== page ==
HOLYOKE, Mass. (WWLP) – During the summer, the Holyoke Office of Conversation and Sustainability has teamed up with Greenagers Inc. to improve the system at the city’s new Gloutak Woods property.

The Greenagers staff has been guiding a six-member crew of Holyoke teens to construct new trails, build a kiosk, remove invasive species, and build two bridges since the beginning of July.

“We are thrilled to hire and work with Greenagers to improve the visitor experience at Gloutak,” says Yoni Glogower, Holyoke Director of Conservation and Sustainability. “Their efforts are an investment in our open spaces and community both, training the next generation of land stewards”.

Greenagers Inc. is a non-profit organization founded in 2011 that leads paid crews of youth ages 14-24 to design and improve trail systems. Greenagers trail crews are typically based in Berkshire County and upstate New York, but the Holyoke collaboration marks their first in the Connecticut River Valley.

“Greenagers is all about empowering young adults to build a sense of place and fundamental work skills through conservation, environmental stewardship, and community engagement” says Elia Del Molino, Director of Conservation at Greenagers. “The Gloutak Woods project was a perfect match with that idea. We’ve been overjoyed with the product, process, and hope it’s the first of many”.

The City of Holyoke acquired Gloutak Woods from a private landowner in 2019 using $157,00 in Community Preservation Act (CPA) Funds. The CPA was approved by local voters in 2016. With a Conservation Restriction held by Kestrel Land Trust, the 51.72-acre parcel is managed by the Holyoke Conservation Commission for passive recreation purposes.

The Holyoke Summer Greenagers Crew poses on their recently completed bog bridging. L-R: Joshua Ruiz, Aiden Pares, Jason Rivera, Isaias Roman, Daniel Rodriguez, and crew leader Katelyn Leger. Courtesy of the Holyoke Office of Conversation and Sustainability.

Stuart Watson, Stewardship Manager at Kestrel, explains that “The purpose of the Conservation Restriction is to assure that Gloutak Woods will be maintained in perpetuity in a natural, scenic, and undeveloped condition”. Regarding the current trail improvement efforts being undertaken by Greenagers this summer, he adds: “An important co-benefit of the work is the opportunity for Holyoke high school students to learn marketable skills, develop themselves as professionals, and form a deeper connection with their local environment. This approach to trail work is a fantastic way of maximizing the social and ecological potential of Gloutak Woods.”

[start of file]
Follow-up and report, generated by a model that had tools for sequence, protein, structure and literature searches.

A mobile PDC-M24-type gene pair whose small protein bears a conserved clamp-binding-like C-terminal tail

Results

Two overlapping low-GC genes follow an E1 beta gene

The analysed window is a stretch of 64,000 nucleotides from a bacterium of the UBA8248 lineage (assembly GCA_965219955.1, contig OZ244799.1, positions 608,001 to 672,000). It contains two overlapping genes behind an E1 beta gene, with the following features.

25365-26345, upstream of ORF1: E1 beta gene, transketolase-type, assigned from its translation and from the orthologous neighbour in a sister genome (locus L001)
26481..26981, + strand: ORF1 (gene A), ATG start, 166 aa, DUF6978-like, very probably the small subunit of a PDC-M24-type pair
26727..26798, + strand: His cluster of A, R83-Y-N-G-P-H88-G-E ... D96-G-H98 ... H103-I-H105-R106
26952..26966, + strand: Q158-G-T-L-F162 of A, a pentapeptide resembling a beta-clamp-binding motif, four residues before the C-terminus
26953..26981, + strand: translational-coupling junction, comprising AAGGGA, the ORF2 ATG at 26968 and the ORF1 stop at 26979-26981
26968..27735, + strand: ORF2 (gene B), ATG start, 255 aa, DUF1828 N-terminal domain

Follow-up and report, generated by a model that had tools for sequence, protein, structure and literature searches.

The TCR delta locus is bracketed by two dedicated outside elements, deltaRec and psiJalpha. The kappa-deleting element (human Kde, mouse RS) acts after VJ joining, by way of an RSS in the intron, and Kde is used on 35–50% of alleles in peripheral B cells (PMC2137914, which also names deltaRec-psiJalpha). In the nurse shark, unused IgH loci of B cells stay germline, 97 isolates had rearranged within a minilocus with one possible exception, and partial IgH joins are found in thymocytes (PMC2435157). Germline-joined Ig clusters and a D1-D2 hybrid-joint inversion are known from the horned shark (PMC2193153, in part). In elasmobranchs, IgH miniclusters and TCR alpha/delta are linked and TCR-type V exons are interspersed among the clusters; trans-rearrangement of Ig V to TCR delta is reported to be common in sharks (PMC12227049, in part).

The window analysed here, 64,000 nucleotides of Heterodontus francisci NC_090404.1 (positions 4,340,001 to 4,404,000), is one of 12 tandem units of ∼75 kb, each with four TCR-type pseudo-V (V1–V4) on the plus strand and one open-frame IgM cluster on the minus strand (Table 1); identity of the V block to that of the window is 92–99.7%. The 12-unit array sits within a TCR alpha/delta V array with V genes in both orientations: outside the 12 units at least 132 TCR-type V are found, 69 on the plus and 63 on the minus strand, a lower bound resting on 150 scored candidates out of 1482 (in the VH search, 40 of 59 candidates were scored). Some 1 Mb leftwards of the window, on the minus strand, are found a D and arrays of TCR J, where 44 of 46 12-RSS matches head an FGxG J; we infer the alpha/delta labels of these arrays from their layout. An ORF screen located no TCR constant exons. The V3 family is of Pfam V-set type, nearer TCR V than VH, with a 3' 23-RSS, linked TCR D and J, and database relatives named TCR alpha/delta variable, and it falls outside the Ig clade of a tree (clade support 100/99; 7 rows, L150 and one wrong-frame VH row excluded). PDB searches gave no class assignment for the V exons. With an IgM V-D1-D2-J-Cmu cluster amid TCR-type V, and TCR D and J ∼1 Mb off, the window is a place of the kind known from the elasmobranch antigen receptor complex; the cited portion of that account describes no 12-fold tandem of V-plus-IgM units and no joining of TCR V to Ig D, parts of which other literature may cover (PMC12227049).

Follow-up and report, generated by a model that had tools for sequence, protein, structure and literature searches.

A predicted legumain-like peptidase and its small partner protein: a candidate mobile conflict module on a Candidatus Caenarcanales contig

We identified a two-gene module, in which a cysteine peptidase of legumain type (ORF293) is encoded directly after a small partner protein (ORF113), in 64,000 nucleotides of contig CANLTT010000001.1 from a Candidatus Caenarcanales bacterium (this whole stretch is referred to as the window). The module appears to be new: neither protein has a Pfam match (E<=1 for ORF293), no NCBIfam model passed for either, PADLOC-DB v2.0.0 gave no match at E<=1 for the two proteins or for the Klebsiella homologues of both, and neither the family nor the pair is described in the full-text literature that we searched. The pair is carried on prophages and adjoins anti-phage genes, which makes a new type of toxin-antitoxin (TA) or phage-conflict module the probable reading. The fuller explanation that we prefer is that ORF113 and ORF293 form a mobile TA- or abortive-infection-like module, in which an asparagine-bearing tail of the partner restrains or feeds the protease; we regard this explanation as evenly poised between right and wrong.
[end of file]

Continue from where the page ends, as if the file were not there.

According to Director Glogower, most of the current trail system at Gloutak Woods was already in place long before the city bought the property in 2019. “The goal for the most part is to improve what is already there: reroute sections to better match the grade of the landscape and construct stream crossings. These improvements will enhance the visitor experience and result in reduced environmental impacts over the long term”.

Holyoke Mayor Joshua A. Garcia and members of the Appalachian Mountain Club New England Trail Crew recently joined the Greenagers crew for part of the morning to transport recently felled and split hemlock logs to the new bridge crossing locations.

As a result of the two crossings, the trail system can function as a 1.5-mile loop and connects key points on the existing trail.

Most of this season’s crew members have never done trail work or other outdoor stewardship activities before.

As a rising sophomore at Holyoke High School, Daniel Rodriguez shares that the experience taught him how to respect nature and motivate others. He agrees with fellow Greenager Aiden pares regarding the unusually hot working conditions this summer.

Rodriguez says that his time on the trail crew has taught him valuable lessons in “productivity, kindness and that there is no such thing as too much sweat.”

During the Gloutak Greenagers’ summer program, Katelyn Leger, a recent Holyoke Community College graduate, explained that she tried to integrate ecology and natural history into the technical trail building activities. “Being able to teach the kids what I know about nature is thrilling,” she said. “I have been able to reconnect with myself and learned new things. This is a great group that put in a lot of hard work and effort.”

Gloutak Woods newly renovated trails are open to the public every day from dawn to dusk. On Rock Valley Road, Gloutak Park parking is available.